It is really simple to make your own SMØRREBRØD
The following recipes were developed by Chef Michael Larsen for the competition Danskernes Mad in 2014. They were among the eight finalists but did not win the national competition. However, they are a great way to get started making your own smørrebrød.
By Bente D. Knudsen Pictures: Danskernes Mad(Wiking Fotografi)
OPEN-FACED SANDWICH- the English translation does not really cover what smørrebrød means – by now your Danish may be good enough and you know it means buttered bread. If you have not tried out making your own yet – why not have a go this spring. The new potatoes…nye kartofler… small round Danish ones will begin to appear in May. They are a great delicacy and maybe the right ones for your first try at making smørrebrød as the most typical Danish open-faced sandwich is the kartoffelmad (literally potato food).
It is really simple to make. You can use leftover potatoes from the day before, slice them, and add mayonnaise, salt and pepper, and you have a delicious and simple smørrebrød. In this recipe below a few extra ingredients have been added, but ultimately it can be as simple as just described. Potato smørrebrød can be made all year but many Danes prefer the fresh and delicate taste of the nye kartofler.
For this recipe you need (for 4 people)
200g peeled potatoes
½ tsp. of finely chopped lovage (also known as sea parsley)
2 tbsps. cream
¼ tsp. salt
2 tbsps. mayonnaise
½ tray of cress
Additional for the smørrebrød
250g small potatoes with the peel on
2 peeled onions in ½ cm slices
1 tbsp. neutral oil (sunflower oil is good)
Cress for decoration
4 slices of rye bread
Boil the potatoes, the ones you want to use for the sandwich should be taken out while they are still firm whereas the ones for the purée should be boiled until they are really well-done and good to mash. Once they are ready, pour out the water, add 100g butter and mash lightly. Season with salt and pepper, a bit of lovage, add a little cream and leave while you prepare the rest of the ingredients.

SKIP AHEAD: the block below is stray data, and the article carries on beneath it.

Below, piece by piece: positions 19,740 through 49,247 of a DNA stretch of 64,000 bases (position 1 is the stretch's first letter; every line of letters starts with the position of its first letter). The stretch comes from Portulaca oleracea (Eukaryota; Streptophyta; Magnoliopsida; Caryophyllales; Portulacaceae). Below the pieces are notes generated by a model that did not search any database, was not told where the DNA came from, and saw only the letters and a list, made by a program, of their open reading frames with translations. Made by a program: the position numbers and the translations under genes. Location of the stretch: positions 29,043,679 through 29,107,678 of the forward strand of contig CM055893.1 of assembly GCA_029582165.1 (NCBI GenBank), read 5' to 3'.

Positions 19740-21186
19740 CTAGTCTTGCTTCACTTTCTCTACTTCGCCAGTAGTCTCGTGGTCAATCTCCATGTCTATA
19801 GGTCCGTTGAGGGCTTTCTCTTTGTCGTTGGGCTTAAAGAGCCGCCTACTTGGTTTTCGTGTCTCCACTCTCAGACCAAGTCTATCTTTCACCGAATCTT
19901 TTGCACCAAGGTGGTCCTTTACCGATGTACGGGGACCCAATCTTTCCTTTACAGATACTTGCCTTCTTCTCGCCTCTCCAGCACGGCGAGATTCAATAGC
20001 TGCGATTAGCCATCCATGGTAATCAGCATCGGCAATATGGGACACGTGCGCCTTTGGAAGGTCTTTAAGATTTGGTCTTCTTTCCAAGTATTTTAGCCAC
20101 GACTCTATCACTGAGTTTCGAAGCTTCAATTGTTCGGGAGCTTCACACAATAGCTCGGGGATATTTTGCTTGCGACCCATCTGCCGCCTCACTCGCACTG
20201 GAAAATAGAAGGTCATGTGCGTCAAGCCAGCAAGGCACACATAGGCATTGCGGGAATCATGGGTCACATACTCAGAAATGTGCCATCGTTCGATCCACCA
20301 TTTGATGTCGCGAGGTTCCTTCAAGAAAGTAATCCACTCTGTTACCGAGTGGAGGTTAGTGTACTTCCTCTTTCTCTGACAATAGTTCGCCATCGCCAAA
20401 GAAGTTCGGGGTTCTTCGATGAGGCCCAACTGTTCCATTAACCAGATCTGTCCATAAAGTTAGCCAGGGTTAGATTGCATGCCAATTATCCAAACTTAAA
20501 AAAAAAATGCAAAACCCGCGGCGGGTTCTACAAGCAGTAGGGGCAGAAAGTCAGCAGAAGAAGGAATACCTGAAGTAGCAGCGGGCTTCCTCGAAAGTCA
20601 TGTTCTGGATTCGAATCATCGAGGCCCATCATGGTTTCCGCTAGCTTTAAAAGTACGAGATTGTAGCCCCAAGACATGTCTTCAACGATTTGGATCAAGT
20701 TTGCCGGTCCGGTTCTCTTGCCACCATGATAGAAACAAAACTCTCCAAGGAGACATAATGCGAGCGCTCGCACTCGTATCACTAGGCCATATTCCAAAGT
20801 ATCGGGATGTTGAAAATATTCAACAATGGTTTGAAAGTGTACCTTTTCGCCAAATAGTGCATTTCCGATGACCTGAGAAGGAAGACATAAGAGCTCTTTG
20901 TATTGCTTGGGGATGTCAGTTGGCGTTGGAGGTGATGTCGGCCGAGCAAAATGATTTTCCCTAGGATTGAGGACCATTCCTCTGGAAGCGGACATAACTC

Put the butter and oil in a medium warm frying pan. When the butter has melted completely, add the sliced onions. Fry the onions until they are golden brown and crispy. Remove the onions from the pan and place them on paper towel to remove the excess oil.
Put the mayonnaise and cress in a food processor. Blend until the mayonnaise is green and even in consistency.
When the small potatoes (with the peel on) are cold, slice them into ½ cm slices.
Build up your potato sandwich by first putting a layer of butter purée on the rye bread, add slices of potato and make small rounds of cress mayonnaise with a teaspoon on top of the slices potatoes. Finish off your sandwich with the fried onions on top.
Another famous smørrebrød is the one with cured salmon on white bread, franskbrød, or another kind of surbrød.
Gravad laks is salmon cured with a mixture of sugar, salt, dill (optional) and assorted other spices. You can cure the salmon yourself or buy it ready made from the supermarket. This is another really simple open-faced sandwich. It should not be eaten on rye bread as other open-faced sandwiches are, but instead on a lighter flavoured bread, Danes use surbrød. Gravad laks is wonderful for its fresh and delicate flavour and is served with a traditional rævesauce, a kind of sweet and sour mustard sauce.
In this recipe Michael Larsen has made a cured salmon with rævesauce and pickled green tomatoes on toasted surbrød.
For this recipe you need (for 4 people)
300g cured sliced salmon
4 slices of surbrød
2 thinly sliced pickled green tomatoes
125 g muscovado sugar
1 dl Dijon Mustard
1 dl apple cider
2 dl neutral oil
1 bunch of dill (half “hand-broken” and half finely chopped)
½ tsp. salt
Mix together the muscovado sugar, mustard and apple cider in a bowl. Slowly drizzle the oil into the bowl, beating constantly with a whisk. Basically, you are making an emulsion like mayonnaise. Once combined, stir in the finely chopped dill and season with salt and pepper.
In this recipe it is not just ordinary toasted bread, instead you “toast” it yourself on a frying pan. Put 25g of butter in a medium warm frying pan. When the butter has melted. add the sliced bread. When it is golden brown, turn it and fry it the same way on the other side. If needed you can add more butter when frying the other side of the bread. Leave the bread on a paper towel to absorb any excess butter.
Build your open-faced cured salmon sandwich by adding the thin slices of salmon in a nice high pile on the bread. Decorate with the thin slices of pickled green tomatoes and a spoonful of the rævesauce between the tomatoes. Finish off by adding the hand-broken dill as decoration.